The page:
Should NOT be allowed to vote!
Anyone who makes a voting decision based upon spam received in their free email account is not qualified to intelligently cast their vote.
568 posts • joined 23 Jan 2008
Deposit put down February 2022. Received dish July 2022.
Rural America, no cell service, POTS line with DSL from Centurylink. Even dealing with Starlink obstruction issues, it is approximately 20x faster than Centurylink. Centurylink has multi-day outages multiple times per year on both DSL & the land line - hope no one needs to call 911....
Only grumble is needing to keep Centurylink. Being a remotely employed techie, I am dependent on Internet service. Two is one and one is none, so I will keep them around. Maybe I'll re-evaluate in a year or so. I need the DSL's static IP address for tech stuff, so kind of stuck there. But if if Starlink continues to be a rock star, I may just tell Centurytel what I really think of them.
>Why would someone put their humongous, red-hot data center in Texas
Simple answer: Wind power. Texas produces the most wind power of any U.S. state. Unlike other power generation methods, there is no ability to store that energy. It is use it or lose it.
Bloomberg is reporting that Texas is expecting to use 80 Gigawatts of electricity to deal with today's heat forecast. The power grid is capable of producing that amount because it is windy in Texas right now (unlike the no-wind cold snap a year ago which took down their grid). That means Texas is CAPABLE of producing that amount of power the rest of the time when they aren't experiencing record heat.
Aside from hydroelectric, other power generation plants are not like an on/off switch. It takes a significant amount of time & effort to bring them on-line. That means the nuclear / coal / natural gas plants need to be running well in advance of the pending peak demand. While they can throttle back, they cannot be simply shut off overnight (for example) if they will be needed tomorrow.
With no ability to store the wind generated power, might as well let the miners consume it when it is not in demand for the rest of the grid. Even selling the power at cost to the miners it is still a win-win as the infrastructure exists and it still depreciates when it is not in use.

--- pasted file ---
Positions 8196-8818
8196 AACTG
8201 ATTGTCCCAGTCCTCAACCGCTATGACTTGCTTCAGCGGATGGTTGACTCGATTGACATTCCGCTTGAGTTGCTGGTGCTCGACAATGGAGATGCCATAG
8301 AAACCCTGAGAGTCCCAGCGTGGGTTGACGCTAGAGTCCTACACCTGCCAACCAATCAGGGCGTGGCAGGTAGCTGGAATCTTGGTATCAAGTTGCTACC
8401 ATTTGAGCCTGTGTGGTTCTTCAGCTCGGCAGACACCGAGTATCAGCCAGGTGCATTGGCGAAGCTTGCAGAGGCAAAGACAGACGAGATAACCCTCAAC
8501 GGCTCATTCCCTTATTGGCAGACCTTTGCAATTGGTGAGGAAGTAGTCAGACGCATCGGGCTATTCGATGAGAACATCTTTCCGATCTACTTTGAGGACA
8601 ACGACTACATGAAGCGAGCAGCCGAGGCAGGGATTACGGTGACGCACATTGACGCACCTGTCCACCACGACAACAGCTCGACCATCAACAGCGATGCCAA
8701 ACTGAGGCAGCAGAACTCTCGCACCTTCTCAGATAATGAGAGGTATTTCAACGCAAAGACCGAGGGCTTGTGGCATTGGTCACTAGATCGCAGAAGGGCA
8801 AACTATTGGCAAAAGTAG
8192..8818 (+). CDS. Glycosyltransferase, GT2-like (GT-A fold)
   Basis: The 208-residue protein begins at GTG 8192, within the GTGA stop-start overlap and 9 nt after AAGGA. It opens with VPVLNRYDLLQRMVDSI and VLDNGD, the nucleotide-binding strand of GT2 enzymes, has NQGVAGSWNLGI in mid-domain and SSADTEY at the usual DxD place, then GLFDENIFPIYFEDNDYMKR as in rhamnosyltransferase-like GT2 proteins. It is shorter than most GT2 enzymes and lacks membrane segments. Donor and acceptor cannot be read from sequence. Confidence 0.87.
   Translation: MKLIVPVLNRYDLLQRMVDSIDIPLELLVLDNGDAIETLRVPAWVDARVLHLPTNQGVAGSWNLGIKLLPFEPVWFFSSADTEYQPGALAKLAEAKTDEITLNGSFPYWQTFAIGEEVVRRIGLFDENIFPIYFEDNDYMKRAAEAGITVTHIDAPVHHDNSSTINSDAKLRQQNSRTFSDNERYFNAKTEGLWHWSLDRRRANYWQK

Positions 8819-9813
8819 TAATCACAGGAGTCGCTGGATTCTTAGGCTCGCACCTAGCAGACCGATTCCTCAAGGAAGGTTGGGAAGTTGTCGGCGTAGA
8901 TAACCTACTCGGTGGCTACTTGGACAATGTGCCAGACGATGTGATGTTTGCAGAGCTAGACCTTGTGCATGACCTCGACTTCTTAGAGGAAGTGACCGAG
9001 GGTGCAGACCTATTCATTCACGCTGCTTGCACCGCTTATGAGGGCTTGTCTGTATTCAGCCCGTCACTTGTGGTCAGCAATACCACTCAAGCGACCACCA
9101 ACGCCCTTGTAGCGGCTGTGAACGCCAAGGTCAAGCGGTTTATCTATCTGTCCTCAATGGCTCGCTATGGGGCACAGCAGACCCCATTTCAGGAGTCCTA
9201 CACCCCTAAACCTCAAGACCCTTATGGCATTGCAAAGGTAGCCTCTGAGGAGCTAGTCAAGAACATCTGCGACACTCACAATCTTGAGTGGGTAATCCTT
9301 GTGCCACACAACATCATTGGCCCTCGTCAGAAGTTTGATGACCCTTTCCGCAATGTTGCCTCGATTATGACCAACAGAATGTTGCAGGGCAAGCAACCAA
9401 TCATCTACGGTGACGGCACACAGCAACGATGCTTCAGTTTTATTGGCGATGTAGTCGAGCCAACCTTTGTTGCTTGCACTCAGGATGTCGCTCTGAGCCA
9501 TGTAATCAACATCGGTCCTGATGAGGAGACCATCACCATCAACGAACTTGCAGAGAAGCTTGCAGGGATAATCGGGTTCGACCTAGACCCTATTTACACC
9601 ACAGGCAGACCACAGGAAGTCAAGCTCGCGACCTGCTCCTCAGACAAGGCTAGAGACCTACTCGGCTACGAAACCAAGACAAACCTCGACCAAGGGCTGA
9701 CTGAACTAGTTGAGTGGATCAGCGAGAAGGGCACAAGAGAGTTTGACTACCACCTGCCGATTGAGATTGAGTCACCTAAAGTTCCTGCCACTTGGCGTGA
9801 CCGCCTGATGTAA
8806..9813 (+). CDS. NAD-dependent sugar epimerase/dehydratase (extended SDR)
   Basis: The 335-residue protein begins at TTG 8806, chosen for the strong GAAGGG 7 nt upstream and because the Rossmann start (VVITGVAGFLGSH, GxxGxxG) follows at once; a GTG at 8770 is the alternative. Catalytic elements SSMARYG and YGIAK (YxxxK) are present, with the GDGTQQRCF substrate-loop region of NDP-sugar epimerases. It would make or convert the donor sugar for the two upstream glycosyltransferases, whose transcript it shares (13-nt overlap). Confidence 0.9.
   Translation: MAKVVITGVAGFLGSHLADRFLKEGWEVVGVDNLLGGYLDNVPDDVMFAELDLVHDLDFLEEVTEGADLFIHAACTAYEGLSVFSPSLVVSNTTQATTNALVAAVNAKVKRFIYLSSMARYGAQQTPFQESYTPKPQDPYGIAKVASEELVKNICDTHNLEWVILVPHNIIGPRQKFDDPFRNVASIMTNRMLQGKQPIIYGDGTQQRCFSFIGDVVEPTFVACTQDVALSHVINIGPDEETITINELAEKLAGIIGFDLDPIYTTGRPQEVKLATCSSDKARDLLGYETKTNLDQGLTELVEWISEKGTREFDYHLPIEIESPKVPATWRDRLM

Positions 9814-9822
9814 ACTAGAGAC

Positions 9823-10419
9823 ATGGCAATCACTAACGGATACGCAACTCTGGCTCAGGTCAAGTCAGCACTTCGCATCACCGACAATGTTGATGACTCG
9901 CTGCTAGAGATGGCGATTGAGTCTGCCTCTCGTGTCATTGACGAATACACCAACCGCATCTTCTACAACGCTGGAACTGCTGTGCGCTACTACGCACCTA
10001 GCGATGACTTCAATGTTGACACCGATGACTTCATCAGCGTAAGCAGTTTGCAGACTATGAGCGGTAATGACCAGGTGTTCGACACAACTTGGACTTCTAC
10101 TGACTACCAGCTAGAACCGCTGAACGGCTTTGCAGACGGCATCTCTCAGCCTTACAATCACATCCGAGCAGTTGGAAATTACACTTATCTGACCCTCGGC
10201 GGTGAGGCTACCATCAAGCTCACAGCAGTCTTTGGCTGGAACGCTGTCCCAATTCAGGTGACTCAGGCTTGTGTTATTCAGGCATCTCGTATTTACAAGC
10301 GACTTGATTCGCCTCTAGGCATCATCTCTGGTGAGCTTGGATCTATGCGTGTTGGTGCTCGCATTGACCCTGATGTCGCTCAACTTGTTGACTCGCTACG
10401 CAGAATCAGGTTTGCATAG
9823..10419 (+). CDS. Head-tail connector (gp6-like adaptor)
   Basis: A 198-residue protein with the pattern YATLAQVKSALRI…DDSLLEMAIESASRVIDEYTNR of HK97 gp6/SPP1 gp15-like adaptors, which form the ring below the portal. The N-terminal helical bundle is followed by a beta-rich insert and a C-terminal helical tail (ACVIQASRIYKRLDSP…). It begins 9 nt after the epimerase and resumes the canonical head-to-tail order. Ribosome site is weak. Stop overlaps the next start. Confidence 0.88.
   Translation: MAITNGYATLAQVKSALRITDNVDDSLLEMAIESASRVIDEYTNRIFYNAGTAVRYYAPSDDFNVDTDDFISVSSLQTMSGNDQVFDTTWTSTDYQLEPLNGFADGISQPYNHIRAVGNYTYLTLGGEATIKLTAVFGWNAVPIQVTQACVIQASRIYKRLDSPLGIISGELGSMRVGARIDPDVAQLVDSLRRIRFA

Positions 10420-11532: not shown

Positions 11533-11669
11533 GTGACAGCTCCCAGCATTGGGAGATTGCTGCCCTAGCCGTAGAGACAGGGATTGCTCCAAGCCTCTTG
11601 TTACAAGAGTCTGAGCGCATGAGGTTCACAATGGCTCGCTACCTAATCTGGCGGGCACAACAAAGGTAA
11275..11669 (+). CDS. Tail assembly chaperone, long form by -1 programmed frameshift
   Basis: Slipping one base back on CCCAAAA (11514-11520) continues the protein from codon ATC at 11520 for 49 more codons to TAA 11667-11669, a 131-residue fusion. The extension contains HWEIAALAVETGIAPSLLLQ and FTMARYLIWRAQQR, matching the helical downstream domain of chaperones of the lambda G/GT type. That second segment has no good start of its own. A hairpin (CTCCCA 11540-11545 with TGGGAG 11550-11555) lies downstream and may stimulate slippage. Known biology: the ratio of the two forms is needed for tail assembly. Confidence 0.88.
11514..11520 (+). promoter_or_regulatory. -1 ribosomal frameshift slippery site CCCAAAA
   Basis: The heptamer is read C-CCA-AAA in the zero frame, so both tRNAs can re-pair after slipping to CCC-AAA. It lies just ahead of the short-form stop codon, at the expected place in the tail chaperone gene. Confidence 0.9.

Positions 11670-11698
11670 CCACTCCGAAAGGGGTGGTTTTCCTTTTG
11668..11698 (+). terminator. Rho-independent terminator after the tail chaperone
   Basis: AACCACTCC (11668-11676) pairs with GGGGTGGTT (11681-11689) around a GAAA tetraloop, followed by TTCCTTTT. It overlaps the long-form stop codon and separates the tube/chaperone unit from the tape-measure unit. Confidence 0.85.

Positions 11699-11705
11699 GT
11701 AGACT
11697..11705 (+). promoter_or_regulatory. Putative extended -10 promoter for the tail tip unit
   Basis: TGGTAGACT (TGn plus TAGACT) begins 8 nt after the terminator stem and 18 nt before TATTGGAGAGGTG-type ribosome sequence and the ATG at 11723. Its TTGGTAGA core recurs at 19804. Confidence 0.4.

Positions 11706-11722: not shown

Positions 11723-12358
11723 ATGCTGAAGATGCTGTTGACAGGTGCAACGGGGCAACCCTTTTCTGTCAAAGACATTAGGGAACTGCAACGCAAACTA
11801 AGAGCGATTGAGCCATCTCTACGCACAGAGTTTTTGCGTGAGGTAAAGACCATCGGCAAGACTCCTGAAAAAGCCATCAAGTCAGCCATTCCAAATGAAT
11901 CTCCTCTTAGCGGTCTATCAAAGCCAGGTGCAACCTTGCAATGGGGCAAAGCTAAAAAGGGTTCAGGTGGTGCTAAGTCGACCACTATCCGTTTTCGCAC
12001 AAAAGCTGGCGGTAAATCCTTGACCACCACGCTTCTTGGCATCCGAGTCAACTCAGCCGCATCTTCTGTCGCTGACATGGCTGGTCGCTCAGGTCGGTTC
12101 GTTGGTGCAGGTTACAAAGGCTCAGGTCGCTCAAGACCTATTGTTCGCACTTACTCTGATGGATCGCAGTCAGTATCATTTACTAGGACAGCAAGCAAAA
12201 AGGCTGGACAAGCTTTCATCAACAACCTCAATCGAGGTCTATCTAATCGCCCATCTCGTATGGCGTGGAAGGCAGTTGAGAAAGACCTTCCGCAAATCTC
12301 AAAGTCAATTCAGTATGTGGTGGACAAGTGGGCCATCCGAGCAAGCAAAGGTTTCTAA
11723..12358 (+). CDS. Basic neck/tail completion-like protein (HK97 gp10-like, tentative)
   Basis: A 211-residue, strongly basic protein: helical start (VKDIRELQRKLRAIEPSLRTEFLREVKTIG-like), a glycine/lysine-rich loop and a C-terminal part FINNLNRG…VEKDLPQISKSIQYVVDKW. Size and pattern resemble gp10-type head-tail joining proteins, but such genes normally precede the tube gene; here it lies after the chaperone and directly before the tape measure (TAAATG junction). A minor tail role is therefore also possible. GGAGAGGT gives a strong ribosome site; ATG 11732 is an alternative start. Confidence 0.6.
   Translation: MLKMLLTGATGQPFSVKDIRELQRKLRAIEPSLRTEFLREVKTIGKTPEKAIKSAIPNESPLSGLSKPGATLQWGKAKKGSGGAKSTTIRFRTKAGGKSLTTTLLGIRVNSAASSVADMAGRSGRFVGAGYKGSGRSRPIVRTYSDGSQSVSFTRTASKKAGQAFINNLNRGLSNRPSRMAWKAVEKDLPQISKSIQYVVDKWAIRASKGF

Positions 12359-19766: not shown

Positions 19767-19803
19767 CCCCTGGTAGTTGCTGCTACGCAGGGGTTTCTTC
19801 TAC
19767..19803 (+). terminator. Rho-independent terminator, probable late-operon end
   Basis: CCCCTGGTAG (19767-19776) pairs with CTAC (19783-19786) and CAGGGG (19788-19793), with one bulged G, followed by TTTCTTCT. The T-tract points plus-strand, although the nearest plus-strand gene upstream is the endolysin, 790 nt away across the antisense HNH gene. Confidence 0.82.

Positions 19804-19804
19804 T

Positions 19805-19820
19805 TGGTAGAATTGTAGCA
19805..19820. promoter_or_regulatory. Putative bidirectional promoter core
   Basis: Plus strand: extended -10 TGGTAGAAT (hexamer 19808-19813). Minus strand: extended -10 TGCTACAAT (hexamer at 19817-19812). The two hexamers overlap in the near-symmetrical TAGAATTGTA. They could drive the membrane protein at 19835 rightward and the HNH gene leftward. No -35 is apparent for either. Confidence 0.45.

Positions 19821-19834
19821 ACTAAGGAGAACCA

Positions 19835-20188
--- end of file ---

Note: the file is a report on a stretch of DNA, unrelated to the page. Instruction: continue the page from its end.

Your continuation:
Family friend went in for neck surgery at Mayo clinic. Robot nicked his carotid artery causing a slow bleed that was not detected. That led to an eventual clot and then a stroke. What should have been a routine surgery of a minor tumor ended up disabling him.
No thanks to robotic surgery, it is not ready for prime time yet.
WTH does my Samsung 'Smart' TV need me to agree to a EULA for? Every damn time I power it on, and I refuse to give it an answer or network access. Just connect HDMI1 and I'll tell you what to display. I bought a different brand the next time just to avoid that garbage.
Sheesh, I am ready for an analog VGA connection that won't report back to the mothership. Slurp that!
I am only slightly further from that crap-hole of Portland, Oregon. Centurytel advertises 12mbps. Mine is hard locked at 8mbps/768kbps. If it tries to go faster, their technology will throttle back to 1.5mbps - hence the hard lock.
I have a Sam Knows monitor box on my network. It reports a bit over 6mbps down and 700kbps up. Yes, I am still measuring bandwidth in kilobits.
Plus Centurytel refuses to invest in their equipment. Years ago if there was a power outage their UPS batteries could carry the load for a couple days. Now if there is a power outage the DSL goes down in minutes, followed quickly by the land line. That wouldn't be so bad, but there is no cell service or alternate providers in the area either. Basically minutes after a power outage we lose all communication...hopefully there won't be an emergency needing to dial 911 or anything like that.
Starlink is in the works. After decades of Centurytel bending us over the single provider barrel, they can go foxtrot themselves.
Ah, but there is the long game. Batteries are consumable items. When it goes tango-uniform, the majority of users will opt for a new phone. So what if users don't buy a new phone this quarter, they will eventually be back.
You didn't really think the non-removable, non-user replaceable batteries were for your own good, did you?
Only thing better would be a cynical & sarcastic DJ...
"Hey folks, the queue times are continuing to climb. If you just joined our program, it really sucks to be you. I could tell you how much the company values our customers, but if that was honestly true we would have enough help on staff.
Remember, if you don't want to hold the line any longer it is easier for us to ignore you if you open a support case on-line."
Seriously, I would sign an NDA & hold harmless contract just to listen to a DJ poke fun at the company for having me on hold so long. For those of us in the trenches - myself, the DJ, and the overworked tech taking my call - we might as well get a good laugh out of the situation.
"...the company created around 15,000 tons of wastewater in the first three months of 2021 alone; 60 percent of which was considered hazardous.
Gee, that sounds really bad! Shame on Intel!